Royal Dutch Shell plans to cut more spending than earlier estimated and exit up to 10 countries as a result of its £35bn (€45bn, $51bn) acquisition of BG Group. The Hague-headquartered company revealed the same on 7 June while presenting an update on its long-term strategy to investors.
While it did not mention the countries it might exit, the Anglo-Dutch multinational said it would cut $4.5bn of spending before tax in 2018. This was up from the $3.5bn target it had previously disclosed.
Ben van Beurden, chief executive at Shell, said his first priority was to reduce the company's debt that had increased to 26% of its total capital, because of the BG acquisition, completed in February.
With regards to other costs, by the end of 2016 it intends to reduce operating costs to $40bn a year, which is 20% less than the combined spend of BG and Shell in 2015. The oil major added that in 2016, it also intends to reduce its investments to $29bn, which is 35% less than the combined investment of BG and Shell in 2015.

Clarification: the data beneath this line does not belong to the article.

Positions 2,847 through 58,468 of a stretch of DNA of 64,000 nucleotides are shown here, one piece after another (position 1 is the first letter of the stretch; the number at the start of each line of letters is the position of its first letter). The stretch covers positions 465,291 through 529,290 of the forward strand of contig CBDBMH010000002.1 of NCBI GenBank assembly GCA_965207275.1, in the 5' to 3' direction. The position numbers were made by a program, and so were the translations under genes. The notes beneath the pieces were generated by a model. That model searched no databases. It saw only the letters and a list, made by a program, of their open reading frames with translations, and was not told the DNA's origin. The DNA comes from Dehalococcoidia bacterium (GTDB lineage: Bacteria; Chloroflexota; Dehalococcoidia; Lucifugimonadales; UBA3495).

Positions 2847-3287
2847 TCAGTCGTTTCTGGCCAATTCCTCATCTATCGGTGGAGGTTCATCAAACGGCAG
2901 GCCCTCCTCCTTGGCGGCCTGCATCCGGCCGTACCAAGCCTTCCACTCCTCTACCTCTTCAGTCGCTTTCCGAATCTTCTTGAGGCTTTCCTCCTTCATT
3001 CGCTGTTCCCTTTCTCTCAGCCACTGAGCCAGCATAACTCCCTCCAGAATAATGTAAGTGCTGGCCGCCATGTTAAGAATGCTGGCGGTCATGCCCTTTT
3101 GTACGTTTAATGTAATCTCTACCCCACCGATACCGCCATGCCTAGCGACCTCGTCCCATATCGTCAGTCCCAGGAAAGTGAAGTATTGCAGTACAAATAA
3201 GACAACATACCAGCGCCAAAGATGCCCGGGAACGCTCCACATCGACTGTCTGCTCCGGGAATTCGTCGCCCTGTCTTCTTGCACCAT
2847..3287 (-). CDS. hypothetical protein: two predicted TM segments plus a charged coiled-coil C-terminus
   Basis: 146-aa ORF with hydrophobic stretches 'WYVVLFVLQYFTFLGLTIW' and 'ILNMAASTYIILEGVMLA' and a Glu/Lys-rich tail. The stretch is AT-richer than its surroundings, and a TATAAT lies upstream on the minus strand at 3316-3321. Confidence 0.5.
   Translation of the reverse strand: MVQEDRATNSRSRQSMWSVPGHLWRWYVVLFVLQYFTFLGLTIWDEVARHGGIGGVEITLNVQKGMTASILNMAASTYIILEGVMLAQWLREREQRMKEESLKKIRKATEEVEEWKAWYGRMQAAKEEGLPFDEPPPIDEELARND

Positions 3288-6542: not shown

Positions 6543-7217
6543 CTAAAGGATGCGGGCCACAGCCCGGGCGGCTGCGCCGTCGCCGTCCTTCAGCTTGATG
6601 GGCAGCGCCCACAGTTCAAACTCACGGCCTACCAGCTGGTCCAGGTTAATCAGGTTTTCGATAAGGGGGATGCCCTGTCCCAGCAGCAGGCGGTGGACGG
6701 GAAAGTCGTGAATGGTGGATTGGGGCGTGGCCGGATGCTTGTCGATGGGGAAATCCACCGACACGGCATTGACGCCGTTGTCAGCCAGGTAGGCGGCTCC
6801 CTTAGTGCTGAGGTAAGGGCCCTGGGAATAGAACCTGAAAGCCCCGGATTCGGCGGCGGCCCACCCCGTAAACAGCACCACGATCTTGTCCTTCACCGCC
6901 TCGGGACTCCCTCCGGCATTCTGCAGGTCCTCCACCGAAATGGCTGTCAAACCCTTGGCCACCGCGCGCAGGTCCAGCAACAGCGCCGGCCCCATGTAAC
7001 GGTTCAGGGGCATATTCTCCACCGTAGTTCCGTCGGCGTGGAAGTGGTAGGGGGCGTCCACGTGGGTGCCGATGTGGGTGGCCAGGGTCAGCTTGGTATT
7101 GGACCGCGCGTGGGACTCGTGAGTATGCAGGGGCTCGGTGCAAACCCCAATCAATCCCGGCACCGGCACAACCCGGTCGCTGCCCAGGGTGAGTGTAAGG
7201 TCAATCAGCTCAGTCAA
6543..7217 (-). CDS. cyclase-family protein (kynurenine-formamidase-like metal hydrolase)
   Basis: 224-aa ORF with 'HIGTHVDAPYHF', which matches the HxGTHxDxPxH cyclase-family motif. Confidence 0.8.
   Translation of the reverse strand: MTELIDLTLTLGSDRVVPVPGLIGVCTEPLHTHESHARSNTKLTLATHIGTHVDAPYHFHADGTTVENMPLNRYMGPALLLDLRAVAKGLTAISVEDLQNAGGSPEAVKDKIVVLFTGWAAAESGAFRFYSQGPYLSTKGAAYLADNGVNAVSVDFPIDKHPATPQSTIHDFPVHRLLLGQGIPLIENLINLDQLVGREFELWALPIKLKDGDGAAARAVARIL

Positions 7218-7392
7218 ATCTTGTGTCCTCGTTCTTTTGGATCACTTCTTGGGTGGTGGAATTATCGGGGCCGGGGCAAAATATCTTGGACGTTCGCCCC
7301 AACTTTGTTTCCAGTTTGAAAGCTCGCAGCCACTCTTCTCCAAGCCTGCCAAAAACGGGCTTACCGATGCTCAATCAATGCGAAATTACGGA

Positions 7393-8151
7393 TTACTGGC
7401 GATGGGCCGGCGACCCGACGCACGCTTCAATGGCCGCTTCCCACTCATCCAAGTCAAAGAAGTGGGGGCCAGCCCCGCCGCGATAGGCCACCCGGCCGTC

Apart from these cost-cutting measures, Shell also plans to sell $30bn of assets before the end of 2018. Of these, it could sell between $6bn and $8bn worth of assets in 2016, which could include its North Sea possessions as well.
"By capping our capital spending in the period to 2020, investing in compelling projects, driving down costs and selling non-core positions, we can reshape Shell into a more focused and more resilient company, with better returns and growing free cash flow per share", van Beurden said.
On the sales front, Shell said it has a target to generate between $6bn and $8bn in 2016. It added that going forward, it would want to focus on its liquefied natural gas business, its deepwater assets in US and Brazil and its chemicals business.
With regards to the BG takeover and the synergies associated with it, van Beurden, said: "The BG deal is an opportunity to accelerate the reshaping of Shell. Integration is gathering pace, and today we expect to deliver more synergies, and at a faster rate."